Association of Community Theatre



The Three Towns Operatic Society


Director David Kay


Musical Director Rod Dakin


Orpheus in the Underworld tells the story of a wife (Eurydice) who has a dalliance with Pluto, ruler of Hades, and a husband (Orpheus) who despises his wife but engages the Gods to help him rescue her.


This adaptation of Offenbach’s comic opera has a “new book and lyrics” by Phil Park. After seeing other productions I wonder why there is only this version available for hire. The libretto is lacking clarity at times making the story seem a little dull.  This really does make life difficult for any production team to be creative.


The Three Towns presented a highly visual production with costumes by Charades of St. Helens. All the principals were lightly amplified which enabled the singing to sweep over the orchestra.


The star of the evening was the music, briskly conducted and played by a first rate orchestra. All the principals shone vocally, and the ensemble was as tight as they could be. It all went at a “hell of a galop”.


There are so many characterisations to be created. On Mount Olympus we met Julia Sutton, as Cupid, Jennie Heywood, as Venus and Lauren Smith, as Diana. They all injected vocal colour into their roles. Adding to the mix, and on an equal footing with the ladies, was Winston Carmichael as Mars. David Kay, as Mercury, did everything he could  to get some humour out of the script.


As Jupiter, king and patriarch of the unruly Olympians Ken Rees gave a razor-sharp performance, both vocally and dramatically. Mrs Jupiter, Juno played by Barbara Mayers kept her brood, and her husband, well in place.


The Kathleen Atherton Academy of Dance supplied the choreography executed by six very capable academy dancers. The “Galop” “Can-Can” was a highlight of the production.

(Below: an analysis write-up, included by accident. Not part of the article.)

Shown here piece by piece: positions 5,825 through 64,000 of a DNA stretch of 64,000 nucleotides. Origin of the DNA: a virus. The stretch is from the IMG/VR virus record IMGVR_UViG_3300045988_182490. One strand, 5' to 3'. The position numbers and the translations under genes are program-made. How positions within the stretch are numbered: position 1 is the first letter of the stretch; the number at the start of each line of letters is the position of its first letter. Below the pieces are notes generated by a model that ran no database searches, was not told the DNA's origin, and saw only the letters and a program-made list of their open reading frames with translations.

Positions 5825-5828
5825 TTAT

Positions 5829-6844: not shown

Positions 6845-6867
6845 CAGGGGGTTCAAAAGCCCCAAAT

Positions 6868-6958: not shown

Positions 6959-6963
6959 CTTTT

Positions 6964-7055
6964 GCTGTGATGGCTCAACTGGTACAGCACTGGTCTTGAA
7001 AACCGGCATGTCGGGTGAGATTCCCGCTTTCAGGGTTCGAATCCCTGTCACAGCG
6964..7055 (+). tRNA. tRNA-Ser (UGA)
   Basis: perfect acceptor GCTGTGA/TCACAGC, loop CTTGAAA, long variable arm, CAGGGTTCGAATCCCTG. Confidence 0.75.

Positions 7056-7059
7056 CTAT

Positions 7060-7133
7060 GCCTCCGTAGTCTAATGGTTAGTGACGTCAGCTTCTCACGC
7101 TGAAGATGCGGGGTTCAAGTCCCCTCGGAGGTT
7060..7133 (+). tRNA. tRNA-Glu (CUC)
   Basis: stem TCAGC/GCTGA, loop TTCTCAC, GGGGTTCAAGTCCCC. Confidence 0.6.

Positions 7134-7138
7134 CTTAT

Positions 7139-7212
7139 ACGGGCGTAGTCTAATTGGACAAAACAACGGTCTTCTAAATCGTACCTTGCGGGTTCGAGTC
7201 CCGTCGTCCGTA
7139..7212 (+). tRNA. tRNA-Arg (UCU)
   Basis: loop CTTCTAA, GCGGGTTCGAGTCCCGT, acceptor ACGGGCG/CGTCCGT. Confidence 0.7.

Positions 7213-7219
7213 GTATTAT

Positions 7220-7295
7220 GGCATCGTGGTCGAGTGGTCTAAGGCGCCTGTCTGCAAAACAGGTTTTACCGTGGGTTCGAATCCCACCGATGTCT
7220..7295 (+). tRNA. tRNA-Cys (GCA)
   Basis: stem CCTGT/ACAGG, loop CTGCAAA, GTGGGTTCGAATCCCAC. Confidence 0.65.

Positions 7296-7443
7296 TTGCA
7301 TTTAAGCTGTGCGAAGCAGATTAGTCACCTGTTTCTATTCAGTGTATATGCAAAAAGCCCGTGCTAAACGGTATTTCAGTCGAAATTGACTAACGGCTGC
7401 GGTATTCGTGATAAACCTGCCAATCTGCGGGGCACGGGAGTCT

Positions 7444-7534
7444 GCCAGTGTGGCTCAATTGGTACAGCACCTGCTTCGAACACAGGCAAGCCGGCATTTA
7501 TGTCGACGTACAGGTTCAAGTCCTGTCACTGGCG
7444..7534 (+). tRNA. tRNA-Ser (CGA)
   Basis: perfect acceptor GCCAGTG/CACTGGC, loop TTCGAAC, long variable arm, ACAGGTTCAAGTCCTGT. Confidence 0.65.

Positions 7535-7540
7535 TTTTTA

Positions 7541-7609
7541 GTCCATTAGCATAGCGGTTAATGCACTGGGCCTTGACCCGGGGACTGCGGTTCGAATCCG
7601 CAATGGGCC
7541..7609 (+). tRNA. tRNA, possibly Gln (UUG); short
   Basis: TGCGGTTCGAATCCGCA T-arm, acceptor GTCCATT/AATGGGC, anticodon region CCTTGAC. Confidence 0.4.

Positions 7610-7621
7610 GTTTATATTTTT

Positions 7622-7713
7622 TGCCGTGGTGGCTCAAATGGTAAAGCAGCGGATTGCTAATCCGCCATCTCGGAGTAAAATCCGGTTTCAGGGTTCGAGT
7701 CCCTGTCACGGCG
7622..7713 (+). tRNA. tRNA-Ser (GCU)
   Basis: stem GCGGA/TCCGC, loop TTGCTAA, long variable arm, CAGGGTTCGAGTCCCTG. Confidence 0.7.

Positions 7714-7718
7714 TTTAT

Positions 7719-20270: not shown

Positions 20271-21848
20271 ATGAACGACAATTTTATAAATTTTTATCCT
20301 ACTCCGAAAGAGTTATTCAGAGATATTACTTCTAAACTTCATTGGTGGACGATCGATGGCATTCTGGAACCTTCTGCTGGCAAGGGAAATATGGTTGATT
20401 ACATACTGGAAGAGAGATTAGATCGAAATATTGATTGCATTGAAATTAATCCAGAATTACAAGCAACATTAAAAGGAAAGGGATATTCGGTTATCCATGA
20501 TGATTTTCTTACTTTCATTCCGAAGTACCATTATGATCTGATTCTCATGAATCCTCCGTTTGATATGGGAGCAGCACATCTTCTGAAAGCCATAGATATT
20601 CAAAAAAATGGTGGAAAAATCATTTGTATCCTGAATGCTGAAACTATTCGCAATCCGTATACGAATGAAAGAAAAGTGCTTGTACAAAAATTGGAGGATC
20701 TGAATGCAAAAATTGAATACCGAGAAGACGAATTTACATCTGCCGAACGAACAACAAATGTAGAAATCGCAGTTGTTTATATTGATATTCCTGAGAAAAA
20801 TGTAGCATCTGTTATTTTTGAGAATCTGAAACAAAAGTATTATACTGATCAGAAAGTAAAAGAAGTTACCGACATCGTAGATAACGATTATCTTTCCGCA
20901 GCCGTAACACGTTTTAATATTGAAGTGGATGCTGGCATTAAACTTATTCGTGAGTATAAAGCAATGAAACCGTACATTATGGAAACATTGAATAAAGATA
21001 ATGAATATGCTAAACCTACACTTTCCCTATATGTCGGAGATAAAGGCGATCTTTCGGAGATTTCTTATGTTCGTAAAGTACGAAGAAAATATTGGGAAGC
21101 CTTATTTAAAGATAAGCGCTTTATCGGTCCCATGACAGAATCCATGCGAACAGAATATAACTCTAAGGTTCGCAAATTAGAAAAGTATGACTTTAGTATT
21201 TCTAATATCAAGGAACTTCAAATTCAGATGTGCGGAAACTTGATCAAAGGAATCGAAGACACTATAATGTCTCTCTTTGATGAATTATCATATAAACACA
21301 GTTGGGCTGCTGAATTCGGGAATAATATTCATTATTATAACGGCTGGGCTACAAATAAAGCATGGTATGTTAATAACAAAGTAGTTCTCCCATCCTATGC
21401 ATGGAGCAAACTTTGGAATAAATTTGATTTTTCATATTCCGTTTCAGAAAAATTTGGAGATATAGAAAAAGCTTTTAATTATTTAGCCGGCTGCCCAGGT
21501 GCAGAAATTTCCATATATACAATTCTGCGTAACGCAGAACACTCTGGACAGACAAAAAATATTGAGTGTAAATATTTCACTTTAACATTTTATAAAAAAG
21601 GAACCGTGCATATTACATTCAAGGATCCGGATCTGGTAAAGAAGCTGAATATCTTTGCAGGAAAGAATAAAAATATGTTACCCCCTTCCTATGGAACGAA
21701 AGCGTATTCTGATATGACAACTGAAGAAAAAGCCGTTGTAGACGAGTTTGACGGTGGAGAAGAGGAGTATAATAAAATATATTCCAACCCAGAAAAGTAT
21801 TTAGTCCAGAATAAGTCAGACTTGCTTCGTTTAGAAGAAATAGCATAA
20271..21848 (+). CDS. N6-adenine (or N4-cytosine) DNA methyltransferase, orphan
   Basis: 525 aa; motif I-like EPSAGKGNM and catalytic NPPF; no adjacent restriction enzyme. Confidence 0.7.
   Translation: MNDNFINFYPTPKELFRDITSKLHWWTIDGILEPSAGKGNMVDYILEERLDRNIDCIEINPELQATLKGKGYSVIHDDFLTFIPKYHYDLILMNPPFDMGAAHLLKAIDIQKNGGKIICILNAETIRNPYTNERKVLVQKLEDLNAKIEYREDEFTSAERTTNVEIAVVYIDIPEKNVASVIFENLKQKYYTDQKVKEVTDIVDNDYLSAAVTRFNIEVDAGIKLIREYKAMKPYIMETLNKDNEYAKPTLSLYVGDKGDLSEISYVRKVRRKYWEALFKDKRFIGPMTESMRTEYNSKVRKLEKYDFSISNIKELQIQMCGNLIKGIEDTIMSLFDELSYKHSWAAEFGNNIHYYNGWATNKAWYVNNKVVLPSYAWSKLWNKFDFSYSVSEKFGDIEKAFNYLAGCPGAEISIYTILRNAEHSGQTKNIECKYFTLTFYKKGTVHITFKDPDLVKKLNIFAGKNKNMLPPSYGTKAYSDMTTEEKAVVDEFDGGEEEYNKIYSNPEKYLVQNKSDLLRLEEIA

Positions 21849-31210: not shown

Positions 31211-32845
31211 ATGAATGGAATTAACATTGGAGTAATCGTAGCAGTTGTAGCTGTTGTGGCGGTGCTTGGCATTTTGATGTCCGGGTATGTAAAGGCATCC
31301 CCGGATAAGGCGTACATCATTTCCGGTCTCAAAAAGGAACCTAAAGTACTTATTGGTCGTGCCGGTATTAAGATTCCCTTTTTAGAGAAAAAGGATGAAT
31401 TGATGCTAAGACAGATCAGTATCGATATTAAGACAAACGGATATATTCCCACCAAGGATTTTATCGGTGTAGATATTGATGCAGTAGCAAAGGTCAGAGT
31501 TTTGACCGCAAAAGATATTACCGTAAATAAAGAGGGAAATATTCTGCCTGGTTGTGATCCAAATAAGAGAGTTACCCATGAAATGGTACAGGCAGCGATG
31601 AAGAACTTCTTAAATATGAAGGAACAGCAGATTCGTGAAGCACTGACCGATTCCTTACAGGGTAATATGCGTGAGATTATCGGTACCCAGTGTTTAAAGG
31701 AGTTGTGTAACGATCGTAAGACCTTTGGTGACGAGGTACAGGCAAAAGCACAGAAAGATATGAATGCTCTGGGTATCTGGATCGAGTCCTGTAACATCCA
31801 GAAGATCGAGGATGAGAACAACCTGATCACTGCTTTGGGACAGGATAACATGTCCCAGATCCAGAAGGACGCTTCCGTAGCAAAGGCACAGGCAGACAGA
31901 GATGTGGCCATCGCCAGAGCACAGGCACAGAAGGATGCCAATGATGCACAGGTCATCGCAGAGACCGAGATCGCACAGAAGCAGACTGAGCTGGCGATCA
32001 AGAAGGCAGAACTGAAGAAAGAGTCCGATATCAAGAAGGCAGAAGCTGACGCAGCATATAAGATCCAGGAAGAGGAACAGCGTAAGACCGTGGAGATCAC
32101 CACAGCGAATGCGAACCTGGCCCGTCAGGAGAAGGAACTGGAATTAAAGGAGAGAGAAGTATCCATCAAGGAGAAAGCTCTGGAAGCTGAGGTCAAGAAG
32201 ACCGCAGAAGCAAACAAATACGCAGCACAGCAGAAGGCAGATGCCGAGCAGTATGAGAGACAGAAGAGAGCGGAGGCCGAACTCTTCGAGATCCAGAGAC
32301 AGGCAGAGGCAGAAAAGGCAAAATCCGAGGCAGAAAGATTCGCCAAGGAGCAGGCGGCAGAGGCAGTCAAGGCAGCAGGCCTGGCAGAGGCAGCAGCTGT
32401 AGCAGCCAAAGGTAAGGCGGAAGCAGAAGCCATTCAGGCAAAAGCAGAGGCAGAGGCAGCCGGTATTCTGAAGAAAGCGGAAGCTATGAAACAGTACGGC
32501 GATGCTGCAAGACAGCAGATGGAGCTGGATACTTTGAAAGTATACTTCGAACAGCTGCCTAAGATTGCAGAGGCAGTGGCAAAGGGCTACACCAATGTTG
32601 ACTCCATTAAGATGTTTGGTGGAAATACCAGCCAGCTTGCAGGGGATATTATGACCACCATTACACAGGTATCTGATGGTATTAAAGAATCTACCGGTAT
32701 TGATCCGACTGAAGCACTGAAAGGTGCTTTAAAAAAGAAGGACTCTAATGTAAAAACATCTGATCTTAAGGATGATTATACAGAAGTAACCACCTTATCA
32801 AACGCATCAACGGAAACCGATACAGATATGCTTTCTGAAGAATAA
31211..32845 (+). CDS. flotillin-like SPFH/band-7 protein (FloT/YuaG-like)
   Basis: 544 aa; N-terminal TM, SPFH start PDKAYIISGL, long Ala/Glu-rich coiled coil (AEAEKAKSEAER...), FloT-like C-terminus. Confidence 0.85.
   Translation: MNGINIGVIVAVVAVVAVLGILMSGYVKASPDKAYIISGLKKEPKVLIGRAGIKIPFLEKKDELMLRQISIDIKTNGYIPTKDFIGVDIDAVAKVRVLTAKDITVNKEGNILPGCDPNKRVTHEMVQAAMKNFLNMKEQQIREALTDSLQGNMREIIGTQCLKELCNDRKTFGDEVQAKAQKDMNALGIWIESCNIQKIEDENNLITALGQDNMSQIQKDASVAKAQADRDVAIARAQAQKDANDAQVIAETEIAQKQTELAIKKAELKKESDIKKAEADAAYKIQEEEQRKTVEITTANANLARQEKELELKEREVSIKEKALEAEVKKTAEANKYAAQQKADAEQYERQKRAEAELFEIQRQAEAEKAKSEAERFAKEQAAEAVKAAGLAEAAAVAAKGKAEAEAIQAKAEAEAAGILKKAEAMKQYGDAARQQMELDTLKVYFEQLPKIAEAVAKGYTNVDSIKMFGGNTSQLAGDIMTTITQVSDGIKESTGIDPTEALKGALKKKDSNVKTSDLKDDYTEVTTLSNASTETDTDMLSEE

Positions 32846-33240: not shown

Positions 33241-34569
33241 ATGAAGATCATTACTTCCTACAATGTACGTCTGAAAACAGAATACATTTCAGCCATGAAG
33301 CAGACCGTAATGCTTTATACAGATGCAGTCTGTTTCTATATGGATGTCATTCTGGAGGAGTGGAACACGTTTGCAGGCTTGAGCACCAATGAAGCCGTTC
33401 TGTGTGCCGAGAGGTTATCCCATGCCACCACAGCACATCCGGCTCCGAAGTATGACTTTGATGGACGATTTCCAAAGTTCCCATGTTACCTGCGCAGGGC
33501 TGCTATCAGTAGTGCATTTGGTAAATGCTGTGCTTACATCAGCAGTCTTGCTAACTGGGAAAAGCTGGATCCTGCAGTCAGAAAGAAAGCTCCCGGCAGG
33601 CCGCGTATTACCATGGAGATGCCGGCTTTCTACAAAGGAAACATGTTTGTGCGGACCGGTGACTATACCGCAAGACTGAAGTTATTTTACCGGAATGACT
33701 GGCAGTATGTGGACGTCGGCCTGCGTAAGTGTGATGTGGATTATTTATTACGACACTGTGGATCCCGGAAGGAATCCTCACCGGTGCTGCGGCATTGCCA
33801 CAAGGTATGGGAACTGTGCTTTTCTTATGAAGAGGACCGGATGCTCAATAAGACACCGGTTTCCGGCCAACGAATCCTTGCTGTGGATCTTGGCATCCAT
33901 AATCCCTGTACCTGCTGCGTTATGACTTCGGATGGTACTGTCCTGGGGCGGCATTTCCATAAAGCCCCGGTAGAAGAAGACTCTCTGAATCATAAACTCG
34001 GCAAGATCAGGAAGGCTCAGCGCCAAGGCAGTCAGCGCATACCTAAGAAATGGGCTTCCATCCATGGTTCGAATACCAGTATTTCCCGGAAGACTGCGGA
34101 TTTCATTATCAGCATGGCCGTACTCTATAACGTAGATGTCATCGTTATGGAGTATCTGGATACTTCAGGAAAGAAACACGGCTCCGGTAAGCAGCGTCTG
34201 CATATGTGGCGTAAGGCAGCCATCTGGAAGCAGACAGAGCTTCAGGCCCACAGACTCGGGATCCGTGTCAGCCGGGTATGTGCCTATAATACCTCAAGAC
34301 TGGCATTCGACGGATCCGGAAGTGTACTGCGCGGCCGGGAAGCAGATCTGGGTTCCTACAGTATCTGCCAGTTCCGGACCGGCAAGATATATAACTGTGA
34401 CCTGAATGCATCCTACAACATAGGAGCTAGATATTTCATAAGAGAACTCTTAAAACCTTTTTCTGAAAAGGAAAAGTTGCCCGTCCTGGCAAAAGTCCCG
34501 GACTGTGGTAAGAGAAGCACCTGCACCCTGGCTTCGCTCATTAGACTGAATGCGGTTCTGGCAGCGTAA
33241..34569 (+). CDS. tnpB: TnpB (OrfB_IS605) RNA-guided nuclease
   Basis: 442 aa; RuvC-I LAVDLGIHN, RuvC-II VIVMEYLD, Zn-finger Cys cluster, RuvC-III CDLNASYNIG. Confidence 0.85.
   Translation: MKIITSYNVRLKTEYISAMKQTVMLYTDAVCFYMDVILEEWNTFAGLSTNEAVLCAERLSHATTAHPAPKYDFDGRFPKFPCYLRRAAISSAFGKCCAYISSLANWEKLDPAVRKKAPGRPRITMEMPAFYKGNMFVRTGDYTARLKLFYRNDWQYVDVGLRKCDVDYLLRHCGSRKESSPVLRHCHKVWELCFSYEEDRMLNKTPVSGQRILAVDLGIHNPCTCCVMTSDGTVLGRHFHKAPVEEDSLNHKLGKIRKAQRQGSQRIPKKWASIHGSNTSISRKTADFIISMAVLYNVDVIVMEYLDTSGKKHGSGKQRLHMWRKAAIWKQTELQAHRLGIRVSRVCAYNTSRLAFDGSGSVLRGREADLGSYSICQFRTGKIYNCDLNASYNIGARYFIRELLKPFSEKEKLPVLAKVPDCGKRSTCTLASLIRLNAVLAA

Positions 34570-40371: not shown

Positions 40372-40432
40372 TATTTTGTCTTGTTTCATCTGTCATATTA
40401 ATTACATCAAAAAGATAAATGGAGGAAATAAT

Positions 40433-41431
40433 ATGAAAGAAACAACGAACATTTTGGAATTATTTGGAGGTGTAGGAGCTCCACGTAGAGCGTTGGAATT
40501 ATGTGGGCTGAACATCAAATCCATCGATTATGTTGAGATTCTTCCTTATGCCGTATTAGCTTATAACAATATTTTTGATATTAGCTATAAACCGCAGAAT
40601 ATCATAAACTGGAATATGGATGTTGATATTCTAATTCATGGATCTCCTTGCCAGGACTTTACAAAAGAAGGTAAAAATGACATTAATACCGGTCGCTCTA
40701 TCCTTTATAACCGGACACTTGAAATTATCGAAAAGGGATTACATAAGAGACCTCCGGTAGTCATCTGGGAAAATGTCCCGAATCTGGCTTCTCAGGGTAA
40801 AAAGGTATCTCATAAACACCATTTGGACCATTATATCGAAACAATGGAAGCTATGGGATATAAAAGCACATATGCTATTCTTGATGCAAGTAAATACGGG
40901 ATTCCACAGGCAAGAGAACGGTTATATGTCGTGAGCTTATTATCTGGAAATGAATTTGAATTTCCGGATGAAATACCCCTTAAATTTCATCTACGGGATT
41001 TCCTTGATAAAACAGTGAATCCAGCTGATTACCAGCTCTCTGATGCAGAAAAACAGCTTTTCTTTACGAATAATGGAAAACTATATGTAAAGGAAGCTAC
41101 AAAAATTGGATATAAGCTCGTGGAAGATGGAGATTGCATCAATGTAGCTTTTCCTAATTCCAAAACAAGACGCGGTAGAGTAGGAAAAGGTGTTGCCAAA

In an operetta in 3 acts, act 1 is purely the exposition, a means to establish characters, relationships and the storyline. The company of Shepherds and Shepherdesses made way for Orpheus, played by Tony Meehan who gave a strong and confident performance. Orpheus, along with his mother, Calliope (Susan Bradley), set off to recruit and obtain the help of the gods. They made the journey in a hot-air balloon piloted by Icarus (John Avery).


Ruler of the underworld, Pluto, was flamboyantly portrayed by David Griffiths who has seduced Eurydice and taken her to his kingdom.  The act opens in his bedroom where she is guarded by Styx. John Styx, a servant of Pluto, and formerly king of Boeotia, was played by David Reeves. His rich tones gave life to  the song of Styx’s former glory days, “I Was a King”.


Playing the feisty, saucy Eurydice, the one who has caused all the trouble with the gods, was Victoria Goulden. Victoria created the character giving it life with a sparkling performance.


It is obvious that the company enjoyed the whole romp; they all entered into the spirit of portraying the Greek gods, and the Olympian knees up. The members of the audience were clearly delighted. They must have left the theatre feeling uplifted by the evening’s entertainment.